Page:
So our loyalty card program, along with most other places have been declining… and the study I recently read confirms the cards are a thing of the past.
While new phone apps are growing in popularity and are already surpassing the amount of customers and actually USE the program compared to people with a physical card.
So, anyone use any loyalty programs via phone apps or something of the nature of not actually having to hold a physical card?
I am getting started with POSIQ soon. I used Sundrop Mobile till they were bought out and shut down. The loyalty program works by giving points for each dollar spent. When you reach so many points, you get a reward. You set the thresholds.
The nice part about POSIQ and similar programs is that they use the customers phone (mobile) number to track purchases. Each time a customer orders, they enter their phone number. No cards.
There are plenty of ways to track your customers spending habits too. The data that you get is amazing.
My pos system has an option for it but I don’t wish to use it. Loyalty points are connected to phone numbers but my employees like to tap wrong phone lines on the pos which can cause errors in the customers loyalty points account.
We just stopped using a third party Loyalty Card program due to costs and a dramatic decline in usage.
Loyalty cards are appearing to be a thing of the past and customers are too tired to use them, fed up with having so many cards or just not ineterested in the return for the spend.
We are in the process of having a loyalty program available in our POS system activated. It is set on a dollar spend / points where they get a free pizza once the target is reached. All we need is the customer phone umber and details and the system does the rest. No card, no reminding customers. Just plain and simple and cost outlay is for the free pizza once the target is reached.
There are a couple of chains around here (owned by the same small new england company) Papa Gino’s and D’Angelos that have rewards cards. I used to carry and use both when the rewards were cumulative. A year or so ago they changed the program and all points drop off after 90 days. I tossed the cards and frequent these businesses much less now as I won’t use either cards 10 times in 90 days. I’m not out in the field anymore so I don’t eat out for lunch daily.
As far as loyalty cards go, my comments are based as a consumer and not a restaurant owner.
There is an Ice Cream shop that has been open for a little over 1.5 years that my wife and I go to as it is very close to us. They make homemade ice cream and gelato. They also have frozen yogurt. We used to treat ourselves once a week and would spend $10 ($5 per person) each visit as we always buy the large frozen yogurt. I have 4 filled cards each with 10 stamps, which translates, to $100 that we spent. The card says “buy 10 and get one free”. A few weeks ago we went with another couple and ordered 4 large yogurts and present the 4 cards expecting there to be no charge. The owner of the shop waited on us. She said the cards could only be exchanged for a small serving. I looked at the card and no where did it say small. It said by 10 and get one free. There are no signs in the shop stating what size would be free. I explained that we always buy the large size and expect to receive a large size as free. She stood firm and would not see my point that the cards are very misleading and that the card should spell out what size would be free. I was pretty PO of the way she handled the situation. I gave her $20 for our 4 frozen yogurts and handed her the loyalty cards and told her this was the last time that I would ever visit her shop. She did not blink an eye.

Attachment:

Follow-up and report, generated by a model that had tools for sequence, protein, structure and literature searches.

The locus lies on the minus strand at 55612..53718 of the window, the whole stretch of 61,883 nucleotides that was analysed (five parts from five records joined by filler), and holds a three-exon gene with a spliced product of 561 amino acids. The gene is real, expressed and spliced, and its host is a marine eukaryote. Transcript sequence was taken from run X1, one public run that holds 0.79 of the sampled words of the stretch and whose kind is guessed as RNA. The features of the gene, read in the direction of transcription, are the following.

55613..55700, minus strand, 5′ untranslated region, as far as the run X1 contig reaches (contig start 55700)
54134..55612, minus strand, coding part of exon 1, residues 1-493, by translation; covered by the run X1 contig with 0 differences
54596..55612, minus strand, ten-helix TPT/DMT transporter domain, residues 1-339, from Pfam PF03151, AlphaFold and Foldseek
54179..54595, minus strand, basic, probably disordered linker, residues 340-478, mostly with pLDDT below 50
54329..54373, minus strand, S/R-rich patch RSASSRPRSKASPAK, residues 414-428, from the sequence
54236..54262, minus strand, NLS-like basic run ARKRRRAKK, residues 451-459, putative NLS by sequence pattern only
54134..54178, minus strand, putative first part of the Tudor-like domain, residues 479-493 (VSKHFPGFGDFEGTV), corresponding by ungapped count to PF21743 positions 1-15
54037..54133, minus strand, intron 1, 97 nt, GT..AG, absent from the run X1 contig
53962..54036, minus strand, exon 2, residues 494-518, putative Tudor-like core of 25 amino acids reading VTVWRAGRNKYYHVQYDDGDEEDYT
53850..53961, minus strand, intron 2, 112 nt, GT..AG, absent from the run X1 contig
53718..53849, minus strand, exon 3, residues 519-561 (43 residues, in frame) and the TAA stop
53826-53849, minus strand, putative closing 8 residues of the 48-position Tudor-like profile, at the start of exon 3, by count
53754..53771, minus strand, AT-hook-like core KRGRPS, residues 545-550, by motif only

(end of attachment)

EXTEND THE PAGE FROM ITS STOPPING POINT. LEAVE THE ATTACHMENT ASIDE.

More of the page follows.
I have no idea as to what her net cost of 4 large yogurts are but I would guess less than $5 and for $5 she has lost a loyal customer and will never get me back. She would have been better off of never offering a loyalty card or if she wanted to go that route to print on the card what size would be given as the free one. I did not go to her shop because of the possibility of getting something free. I went because I liked the product. No matter how much I liked her product and the convenience of her being close I will never go back and I will drive a greater distance to another shop for our ice cream, as I will not give her another penny of my money.
Personally I think loyalty cards cheapen the establishment. If you put out a quality product at a fair price people will come back and give great word of mouth advertising. Piss one person off and they will also spread the word and that is not good advertising.
My team has spent the last two years building exactly that, a pizza shop loyalty program that doesn’t require any cards (although we do offer cards for those of your customers that do not yet use smartphone applications). To avoid turning my response into an advertisement, you can read more about it from the link in my signature, below.